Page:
26th march independence day of bangladesh a long road to freedom
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The Long Road to Freedom: A Look Back at the Liberation War of Bangladesh

“Urdu and Urdu alone” would be the language of the state of Pakistan. These ominous words would reverberate through the ages and set in motion a chain of events that would alter the course of history and determine the fate of millions of people.

Ignoring the language spoken by the masses, Jinnah unequivocally made it clear that Urdu would be the only state language. He stubbornly refused to acknowledge the language that was spoken by over 54% of people in Pakistan, stripping them of their Bengali identity and culture.

His words were met with resistance and there was outrage across all spectrums of society. The people of East Bengal demanded that their language be given federal status alongside Urdu and English. However their demands fell on deaf ears and the Bengali script was removed from currency and stamps, which were in place since the British Raj.

With their backs against the wall and their voices strangled, the Bengalis rose up in protest. This sparked the Language movement that reached its climax in 1952, when on 21 February, the police fired on protesting students and civilians, causing several deaths.

What began as a cultural movement in East Pakistan soon evolved into a push for regional autonomy.

Despite the fact that the fight for liberation started on March 26, 1971, the dream of a sovereign state for the people of Bengal had been taking shape for a long time.

With every discriminatory policy against the people of east Pakistan, it was becoming increasingly obvious that the political climate was heating up and that the tension between the people of east Pakistan and their oppressor, the Pakistani Army, was brewing which would boil into an unavoidable conflict for freedom and rights.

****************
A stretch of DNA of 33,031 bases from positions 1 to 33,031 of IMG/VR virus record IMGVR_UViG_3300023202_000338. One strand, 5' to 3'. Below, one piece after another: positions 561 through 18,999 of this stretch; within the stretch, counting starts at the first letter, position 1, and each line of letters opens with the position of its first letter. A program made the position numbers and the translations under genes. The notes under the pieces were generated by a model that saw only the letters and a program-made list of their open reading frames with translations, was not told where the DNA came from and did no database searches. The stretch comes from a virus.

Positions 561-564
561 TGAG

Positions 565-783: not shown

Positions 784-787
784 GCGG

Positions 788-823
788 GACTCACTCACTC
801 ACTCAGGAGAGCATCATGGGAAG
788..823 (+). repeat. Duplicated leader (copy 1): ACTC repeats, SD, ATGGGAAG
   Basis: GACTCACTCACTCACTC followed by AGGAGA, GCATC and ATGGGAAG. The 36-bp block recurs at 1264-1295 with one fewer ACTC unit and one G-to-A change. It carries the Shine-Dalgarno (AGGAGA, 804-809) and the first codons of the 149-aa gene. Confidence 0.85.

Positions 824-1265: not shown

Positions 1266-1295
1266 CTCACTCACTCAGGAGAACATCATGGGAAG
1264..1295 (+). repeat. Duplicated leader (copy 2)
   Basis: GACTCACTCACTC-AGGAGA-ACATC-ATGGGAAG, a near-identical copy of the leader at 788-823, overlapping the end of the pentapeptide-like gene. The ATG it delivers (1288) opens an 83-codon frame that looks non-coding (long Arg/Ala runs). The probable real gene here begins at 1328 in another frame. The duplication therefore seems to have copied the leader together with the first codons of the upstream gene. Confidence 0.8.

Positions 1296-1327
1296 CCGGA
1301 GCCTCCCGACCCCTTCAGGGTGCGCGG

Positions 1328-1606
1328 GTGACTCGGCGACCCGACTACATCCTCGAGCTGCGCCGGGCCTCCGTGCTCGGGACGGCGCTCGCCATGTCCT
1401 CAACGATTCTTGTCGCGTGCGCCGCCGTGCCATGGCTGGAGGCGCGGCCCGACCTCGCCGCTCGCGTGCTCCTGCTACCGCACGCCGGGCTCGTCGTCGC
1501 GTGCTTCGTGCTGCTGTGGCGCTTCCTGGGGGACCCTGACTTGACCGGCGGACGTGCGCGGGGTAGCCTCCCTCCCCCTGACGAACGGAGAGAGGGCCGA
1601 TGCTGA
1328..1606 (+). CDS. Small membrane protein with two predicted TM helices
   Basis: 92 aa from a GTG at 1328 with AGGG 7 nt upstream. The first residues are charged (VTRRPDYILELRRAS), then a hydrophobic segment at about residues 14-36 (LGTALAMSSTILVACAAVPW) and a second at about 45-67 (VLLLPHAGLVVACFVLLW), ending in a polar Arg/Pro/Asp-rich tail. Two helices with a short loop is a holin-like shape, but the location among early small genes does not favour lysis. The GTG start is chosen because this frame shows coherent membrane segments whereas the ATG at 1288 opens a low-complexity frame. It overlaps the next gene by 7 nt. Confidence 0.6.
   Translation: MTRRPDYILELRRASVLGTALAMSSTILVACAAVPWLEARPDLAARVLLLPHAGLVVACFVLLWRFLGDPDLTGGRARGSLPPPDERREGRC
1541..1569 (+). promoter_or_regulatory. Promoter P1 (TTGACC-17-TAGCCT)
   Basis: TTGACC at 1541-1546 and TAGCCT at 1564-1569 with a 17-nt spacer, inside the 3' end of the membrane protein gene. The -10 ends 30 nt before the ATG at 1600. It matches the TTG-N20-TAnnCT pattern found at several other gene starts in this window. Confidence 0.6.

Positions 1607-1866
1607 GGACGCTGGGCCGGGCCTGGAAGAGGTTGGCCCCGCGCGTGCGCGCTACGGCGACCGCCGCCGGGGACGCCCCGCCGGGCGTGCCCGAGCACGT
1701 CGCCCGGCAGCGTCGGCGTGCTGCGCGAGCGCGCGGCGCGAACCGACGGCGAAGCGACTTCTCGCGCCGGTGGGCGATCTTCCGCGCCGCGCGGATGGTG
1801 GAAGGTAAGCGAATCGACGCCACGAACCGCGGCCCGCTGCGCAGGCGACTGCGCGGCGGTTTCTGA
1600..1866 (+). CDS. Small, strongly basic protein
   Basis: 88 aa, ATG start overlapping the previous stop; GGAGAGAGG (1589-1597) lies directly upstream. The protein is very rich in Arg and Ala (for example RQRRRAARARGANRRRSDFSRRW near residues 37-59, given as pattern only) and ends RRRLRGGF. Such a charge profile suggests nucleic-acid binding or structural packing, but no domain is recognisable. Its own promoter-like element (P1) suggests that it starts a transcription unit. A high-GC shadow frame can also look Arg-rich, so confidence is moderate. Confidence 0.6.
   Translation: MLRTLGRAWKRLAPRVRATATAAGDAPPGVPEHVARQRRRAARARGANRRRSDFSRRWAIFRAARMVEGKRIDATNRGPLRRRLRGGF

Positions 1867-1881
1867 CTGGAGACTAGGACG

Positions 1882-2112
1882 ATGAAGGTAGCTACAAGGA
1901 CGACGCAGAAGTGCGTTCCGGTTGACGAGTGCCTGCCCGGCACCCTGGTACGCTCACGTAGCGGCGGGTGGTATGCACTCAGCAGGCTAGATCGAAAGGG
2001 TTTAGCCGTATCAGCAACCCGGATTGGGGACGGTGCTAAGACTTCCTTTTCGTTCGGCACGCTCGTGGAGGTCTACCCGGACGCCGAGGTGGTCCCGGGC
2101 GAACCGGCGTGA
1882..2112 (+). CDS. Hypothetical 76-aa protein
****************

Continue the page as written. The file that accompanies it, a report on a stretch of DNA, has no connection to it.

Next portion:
Although the population of east Pakistan was slightly greater, the political power was mostly consolidated in West Pakistan and it was widely perceived that East Pakistan was being exploited economically. There was deliberate state discrimination towards the people of east Pakistan. Bengalis were under-represented in the Pakistan military and in many parts of the administration. The administration of two discontinuous territories was also seen as a challenge.

As the tensions between East and West Pakistan intensified, the contrast between their cultural identities became more apparent. The West Pakistani population identified strongly with their Islamic belief, while the people of East Pakistan placed greater emphasis on their Bengali ethnicity, promoting a more secular, socialist, and democratic way of life.

There was a sense of alienation growing between the two regions. The East Pakistani people’s deep connection to their language and culture was a driving force behind their struggle for freedom and recognition, as they fought to preserve their unique identity in the face of oppression. The hegemony of the West Pakistani ruling elite over Pakistan, martial laws, and a demeaning attitude towards Bengali culture and the Bengali population soured relations between the two parts.

There was a disparity of wealth, development, and a lack of access to basic resources, which resulted in significant social inequality in the region.

The political crisis became even more apparent after the 1954 East Bengal legislative assembly election, in which the United Front, a coalition of political parties in East Pakistan, contested and won Pakistan’s first provincial general election. The election also brought to light the grievances of the Bengali people against the central government and the Muslim League.